And he read aloud to me in his remarkable style, paralleling the text with a running criticism and commentary, lucidly wording involved and lumbering periods, casting side and cross lights upon the subject, introducing points the author had blundered past and objections he had ignored, catching up lost ends, flinging a contrast into a paradox and reducing it to a coherent and succinctly stated truth--in short, flashing his luminous genius in a blaze of fire over pages erstwhile dull and heavy and lifeless.
It is long since that Leith Clay-Randolph (note the hyphenated surname) knocked at the back door of Idlewild and melted the heart of Gunda. Now Gunda was cold as her Norway hills, though in her least frigid moods she was capable of permitting especially nice-looking tramps to sit on the back stoop and devour lone crusts and forlorn and forsaken chops. But that a tatterdemalion out of the night should invade the sanctity of her kitchen-kingdom and delay dinner while she set a place for him in the warmest corner, was a matter of such moment that the Sunflower went to see. Ah, the Sunflower, of the soft heart and swift sympathy! Leith Clay-Randolph threw his glamour over her for fifteen long minutes, whilst I brooded with my cigar, and then she fluttered back with vague words and the suggestion of a cast-off suit I would never miss.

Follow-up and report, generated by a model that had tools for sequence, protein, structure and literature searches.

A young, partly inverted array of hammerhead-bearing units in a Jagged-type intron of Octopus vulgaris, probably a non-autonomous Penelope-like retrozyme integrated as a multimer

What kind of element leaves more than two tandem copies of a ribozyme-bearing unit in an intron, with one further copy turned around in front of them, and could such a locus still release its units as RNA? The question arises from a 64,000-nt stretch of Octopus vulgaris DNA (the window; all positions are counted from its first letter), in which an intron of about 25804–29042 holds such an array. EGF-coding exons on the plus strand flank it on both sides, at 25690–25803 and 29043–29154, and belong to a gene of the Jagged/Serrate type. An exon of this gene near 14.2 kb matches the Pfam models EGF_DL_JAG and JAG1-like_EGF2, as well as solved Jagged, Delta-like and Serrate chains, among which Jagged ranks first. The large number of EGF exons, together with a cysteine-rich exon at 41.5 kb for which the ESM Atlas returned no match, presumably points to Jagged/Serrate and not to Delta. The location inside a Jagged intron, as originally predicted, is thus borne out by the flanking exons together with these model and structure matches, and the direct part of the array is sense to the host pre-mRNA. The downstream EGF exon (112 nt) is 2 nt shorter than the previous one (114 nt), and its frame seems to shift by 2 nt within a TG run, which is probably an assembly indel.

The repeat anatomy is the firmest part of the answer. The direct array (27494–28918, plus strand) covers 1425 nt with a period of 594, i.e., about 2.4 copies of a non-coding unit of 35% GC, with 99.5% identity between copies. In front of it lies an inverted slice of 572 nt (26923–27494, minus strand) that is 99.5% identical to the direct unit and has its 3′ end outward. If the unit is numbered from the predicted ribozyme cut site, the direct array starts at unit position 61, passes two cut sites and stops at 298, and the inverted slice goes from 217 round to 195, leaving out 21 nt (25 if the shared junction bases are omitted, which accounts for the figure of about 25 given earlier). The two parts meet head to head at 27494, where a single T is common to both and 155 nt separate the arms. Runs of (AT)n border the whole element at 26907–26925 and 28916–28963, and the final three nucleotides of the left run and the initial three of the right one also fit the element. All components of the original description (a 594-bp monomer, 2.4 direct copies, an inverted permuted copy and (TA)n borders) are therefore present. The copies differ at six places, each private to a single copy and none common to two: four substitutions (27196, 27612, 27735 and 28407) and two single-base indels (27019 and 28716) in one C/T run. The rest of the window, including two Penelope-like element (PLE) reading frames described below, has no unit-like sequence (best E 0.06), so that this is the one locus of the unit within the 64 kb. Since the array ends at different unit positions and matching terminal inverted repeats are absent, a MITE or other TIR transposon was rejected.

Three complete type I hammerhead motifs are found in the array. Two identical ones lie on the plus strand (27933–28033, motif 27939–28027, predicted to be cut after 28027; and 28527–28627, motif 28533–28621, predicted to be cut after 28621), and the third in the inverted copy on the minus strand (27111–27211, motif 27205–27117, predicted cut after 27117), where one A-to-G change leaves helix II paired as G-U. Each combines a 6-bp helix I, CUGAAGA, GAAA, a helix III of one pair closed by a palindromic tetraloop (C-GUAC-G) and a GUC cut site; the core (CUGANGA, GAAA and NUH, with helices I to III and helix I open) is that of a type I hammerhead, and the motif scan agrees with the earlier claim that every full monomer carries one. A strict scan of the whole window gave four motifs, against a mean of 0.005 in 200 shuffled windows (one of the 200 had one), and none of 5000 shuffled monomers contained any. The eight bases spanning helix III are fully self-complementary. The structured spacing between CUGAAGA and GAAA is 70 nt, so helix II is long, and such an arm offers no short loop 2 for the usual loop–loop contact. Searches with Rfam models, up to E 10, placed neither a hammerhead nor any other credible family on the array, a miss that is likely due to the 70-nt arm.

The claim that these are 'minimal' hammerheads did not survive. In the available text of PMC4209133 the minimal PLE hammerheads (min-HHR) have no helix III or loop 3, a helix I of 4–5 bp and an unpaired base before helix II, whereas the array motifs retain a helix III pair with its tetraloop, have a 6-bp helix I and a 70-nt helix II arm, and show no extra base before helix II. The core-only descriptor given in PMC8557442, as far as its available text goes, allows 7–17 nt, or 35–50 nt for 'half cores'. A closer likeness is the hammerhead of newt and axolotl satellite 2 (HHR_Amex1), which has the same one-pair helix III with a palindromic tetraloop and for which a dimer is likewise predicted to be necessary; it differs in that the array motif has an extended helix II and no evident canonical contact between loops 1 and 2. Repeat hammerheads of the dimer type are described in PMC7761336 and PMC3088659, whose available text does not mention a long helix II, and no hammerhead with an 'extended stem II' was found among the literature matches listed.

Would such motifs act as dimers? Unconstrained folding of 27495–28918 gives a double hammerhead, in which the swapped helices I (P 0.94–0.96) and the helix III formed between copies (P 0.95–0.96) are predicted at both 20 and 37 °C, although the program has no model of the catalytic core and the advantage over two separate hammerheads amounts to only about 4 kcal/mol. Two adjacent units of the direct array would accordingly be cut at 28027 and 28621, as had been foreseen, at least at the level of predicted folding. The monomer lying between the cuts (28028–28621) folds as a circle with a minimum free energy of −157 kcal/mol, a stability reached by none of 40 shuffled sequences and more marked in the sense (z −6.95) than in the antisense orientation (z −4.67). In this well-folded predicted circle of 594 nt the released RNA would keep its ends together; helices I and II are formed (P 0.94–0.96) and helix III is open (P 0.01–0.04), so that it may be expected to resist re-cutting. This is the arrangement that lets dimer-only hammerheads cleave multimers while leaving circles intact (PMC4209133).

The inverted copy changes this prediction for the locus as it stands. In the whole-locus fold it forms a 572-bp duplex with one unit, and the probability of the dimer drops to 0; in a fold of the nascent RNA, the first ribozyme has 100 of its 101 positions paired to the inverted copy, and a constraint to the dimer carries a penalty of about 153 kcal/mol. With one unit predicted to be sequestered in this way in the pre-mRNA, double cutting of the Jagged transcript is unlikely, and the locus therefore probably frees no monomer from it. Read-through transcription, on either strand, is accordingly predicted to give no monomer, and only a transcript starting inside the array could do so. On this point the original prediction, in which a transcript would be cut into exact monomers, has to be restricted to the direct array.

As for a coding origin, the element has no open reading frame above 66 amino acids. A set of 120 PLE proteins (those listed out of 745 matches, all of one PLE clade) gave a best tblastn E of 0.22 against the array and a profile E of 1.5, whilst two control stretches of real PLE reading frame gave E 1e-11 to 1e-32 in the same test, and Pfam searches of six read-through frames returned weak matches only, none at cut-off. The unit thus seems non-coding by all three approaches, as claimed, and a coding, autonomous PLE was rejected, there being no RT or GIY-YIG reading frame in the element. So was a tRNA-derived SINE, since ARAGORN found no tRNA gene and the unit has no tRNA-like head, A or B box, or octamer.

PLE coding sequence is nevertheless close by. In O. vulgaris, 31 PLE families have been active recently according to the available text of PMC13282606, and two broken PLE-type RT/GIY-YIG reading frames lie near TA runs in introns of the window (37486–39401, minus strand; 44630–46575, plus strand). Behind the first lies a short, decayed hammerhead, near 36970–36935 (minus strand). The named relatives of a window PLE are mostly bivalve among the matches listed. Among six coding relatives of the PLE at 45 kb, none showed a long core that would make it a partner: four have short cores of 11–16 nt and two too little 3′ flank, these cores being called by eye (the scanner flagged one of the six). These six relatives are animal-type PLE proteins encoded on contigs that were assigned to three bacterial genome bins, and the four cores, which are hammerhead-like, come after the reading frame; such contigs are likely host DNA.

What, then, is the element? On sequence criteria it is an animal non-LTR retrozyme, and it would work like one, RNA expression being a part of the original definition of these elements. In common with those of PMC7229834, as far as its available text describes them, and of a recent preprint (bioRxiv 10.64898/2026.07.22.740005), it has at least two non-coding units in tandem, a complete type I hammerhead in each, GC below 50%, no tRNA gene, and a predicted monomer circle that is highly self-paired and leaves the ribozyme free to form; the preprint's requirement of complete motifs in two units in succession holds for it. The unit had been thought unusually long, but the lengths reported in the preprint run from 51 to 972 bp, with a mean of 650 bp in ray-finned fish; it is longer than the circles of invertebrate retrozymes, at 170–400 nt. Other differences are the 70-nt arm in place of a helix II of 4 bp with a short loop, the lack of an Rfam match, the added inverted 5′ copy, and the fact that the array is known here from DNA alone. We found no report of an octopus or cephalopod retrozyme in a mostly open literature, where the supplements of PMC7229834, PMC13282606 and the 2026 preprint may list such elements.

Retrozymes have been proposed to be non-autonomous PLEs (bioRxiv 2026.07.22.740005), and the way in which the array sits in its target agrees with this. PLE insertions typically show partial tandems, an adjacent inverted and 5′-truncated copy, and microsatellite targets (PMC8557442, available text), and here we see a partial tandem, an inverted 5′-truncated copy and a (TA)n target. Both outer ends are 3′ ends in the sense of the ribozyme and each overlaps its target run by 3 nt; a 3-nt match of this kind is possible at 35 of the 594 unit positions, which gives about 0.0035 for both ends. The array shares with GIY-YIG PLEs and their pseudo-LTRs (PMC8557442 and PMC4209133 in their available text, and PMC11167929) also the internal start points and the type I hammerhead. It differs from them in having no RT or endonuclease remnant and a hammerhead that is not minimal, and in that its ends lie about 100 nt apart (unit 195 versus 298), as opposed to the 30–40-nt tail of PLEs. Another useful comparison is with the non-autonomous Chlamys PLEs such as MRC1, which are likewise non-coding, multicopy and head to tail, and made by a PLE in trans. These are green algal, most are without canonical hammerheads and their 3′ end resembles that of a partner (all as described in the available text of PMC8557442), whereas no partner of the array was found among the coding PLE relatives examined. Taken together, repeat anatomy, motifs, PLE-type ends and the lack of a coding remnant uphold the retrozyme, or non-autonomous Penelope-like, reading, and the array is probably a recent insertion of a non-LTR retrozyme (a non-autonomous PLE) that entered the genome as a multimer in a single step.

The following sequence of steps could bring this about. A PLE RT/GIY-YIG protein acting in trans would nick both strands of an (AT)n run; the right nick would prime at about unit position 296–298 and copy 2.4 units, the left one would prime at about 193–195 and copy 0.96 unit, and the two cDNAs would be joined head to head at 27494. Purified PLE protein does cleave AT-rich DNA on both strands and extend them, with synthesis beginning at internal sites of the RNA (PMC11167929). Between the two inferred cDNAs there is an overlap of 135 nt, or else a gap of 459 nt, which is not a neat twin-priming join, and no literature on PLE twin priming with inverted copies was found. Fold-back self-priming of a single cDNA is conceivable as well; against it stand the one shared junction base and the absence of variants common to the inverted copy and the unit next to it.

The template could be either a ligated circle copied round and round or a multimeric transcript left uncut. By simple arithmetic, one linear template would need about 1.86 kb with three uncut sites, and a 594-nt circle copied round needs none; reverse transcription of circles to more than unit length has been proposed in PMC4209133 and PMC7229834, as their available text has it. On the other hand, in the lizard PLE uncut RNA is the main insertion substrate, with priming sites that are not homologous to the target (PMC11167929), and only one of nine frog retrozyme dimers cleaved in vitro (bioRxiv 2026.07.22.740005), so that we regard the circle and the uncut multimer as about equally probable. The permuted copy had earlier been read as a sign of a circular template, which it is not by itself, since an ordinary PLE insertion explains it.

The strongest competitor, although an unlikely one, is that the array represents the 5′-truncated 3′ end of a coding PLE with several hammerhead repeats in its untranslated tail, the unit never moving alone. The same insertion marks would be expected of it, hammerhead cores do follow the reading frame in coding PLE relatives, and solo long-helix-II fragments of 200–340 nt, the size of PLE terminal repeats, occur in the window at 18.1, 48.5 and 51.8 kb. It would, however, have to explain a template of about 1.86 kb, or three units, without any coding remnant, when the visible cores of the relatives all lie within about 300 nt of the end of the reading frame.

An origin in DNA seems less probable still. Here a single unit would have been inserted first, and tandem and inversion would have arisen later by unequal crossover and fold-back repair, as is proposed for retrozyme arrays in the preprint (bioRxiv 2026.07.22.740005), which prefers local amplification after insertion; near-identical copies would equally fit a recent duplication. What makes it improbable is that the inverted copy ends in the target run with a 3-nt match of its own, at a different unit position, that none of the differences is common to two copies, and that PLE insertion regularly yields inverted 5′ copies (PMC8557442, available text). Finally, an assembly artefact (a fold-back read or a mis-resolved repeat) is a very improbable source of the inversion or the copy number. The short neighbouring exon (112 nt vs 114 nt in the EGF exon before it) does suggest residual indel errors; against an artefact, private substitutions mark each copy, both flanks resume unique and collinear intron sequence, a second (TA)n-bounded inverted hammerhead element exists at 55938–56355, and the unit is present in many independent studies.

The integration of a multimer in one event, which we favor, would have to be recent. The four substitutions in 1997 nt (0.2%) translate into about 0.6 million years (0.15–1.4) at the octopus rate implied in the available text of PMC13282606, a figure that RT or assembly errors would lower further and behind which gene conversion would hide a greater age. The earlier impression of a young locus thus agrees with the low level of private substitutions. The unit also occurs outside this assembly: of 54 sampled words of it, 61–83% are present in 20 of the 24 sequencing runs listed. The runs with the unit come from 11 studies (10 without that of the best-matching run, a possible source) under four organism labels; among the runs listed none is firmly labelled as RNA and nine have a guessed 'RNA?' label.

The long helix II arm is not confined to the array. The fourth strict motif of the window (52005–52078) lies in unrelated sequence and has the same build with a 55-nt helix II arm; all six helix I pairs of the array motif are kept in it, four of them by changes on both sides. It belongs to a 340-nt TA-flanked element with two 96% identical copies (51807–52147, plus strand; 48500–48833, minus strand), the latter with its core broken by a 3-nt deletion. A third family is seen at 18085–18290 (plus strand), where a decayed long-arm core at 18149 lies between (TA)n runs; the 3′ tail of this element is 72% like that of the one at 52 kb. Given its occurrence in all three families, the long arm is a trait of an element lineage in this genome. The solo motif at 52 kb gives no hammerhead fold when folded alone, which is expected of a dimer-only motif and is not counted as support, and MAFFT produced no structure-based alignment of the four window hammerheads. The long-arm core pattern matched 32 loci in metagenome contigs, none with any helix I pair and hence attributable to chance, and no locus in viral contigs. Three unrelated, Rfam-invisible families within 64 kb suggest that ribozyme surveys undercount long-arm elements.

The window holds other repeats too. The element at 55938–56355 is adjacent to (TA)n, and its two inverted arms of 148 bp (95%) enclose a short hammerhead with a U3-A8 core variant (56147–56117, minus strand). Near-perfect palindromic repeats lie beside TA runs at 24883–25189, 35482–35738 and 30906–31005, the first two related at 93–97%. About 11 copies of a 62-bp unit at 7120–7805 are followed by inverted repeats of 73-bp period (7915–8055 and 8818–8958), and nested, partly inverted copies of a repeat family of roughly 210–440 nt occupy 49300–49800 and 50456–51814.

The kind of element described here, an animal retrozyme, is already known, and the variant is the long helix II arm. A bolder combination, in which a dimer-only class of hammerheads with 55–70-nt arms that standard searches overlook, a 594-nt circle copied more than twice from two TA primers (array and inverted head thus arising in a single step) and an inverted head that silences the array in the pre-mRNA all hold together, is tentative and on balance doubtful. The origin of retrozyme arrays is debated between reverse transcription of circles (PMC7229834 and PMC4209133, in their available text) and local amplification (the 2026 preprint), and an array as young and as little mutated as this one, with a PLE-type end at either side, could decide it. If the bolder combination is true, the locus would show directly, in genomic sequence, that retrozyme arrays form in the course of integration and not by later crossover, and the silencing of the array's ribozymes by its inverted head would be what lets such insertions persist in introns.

"Surely I shall never miss it," I said, and I had in mind the dark gray suit with the pockets draggled from the freightage of many books--books that had spoiled more than one day's fishing sport.
"I should advise you, however," I added, "to mend the pockets first."
But the Sunflower's face clouded. "N--o," she said, "the black one."
"The black one!" This explosively, incredulously. "I wear it quite often. I--I intended wearing it to-night."
"You have two better ones, and you know I never liked it, dear," the Sunflower hurried on. "Besides, it's shiny--"
"It--it soon will be, which is just the same, and the man is really estimable. He is nice and refined, and I am sure he--"
"Has seen better days."
"Yes, and the weather is raw and beastly, and his clothes are threadbare. And you have many suits--"
"Five," I corrected, "counting in the dark gray fishing outfit with the draggled pockets."
"And he has none, no home, nothing--"
"Not even a Sunflower,"--putting my arm around her,--"wherefore he is deserving of all things. Give him the black suit, dear--nay, the best one, the very best one. Under high heaven for such lack there must be compensation!"
"You are a dear!" And the Sunflower moved to the door and looked back alluringly. "You are a perfect dear."
And this after seven years, I marvelled, till she was back again, timid and apologetic.
"I--I gave him one of your white shirts. He wore a cheap horrid cotton thing, and I knew it would look ridiculous. And then his shoes were so slipshod, I let him have a pair of yours, the old ones with the narrow caps--"
"Well, they pinched horribly, and you know they did."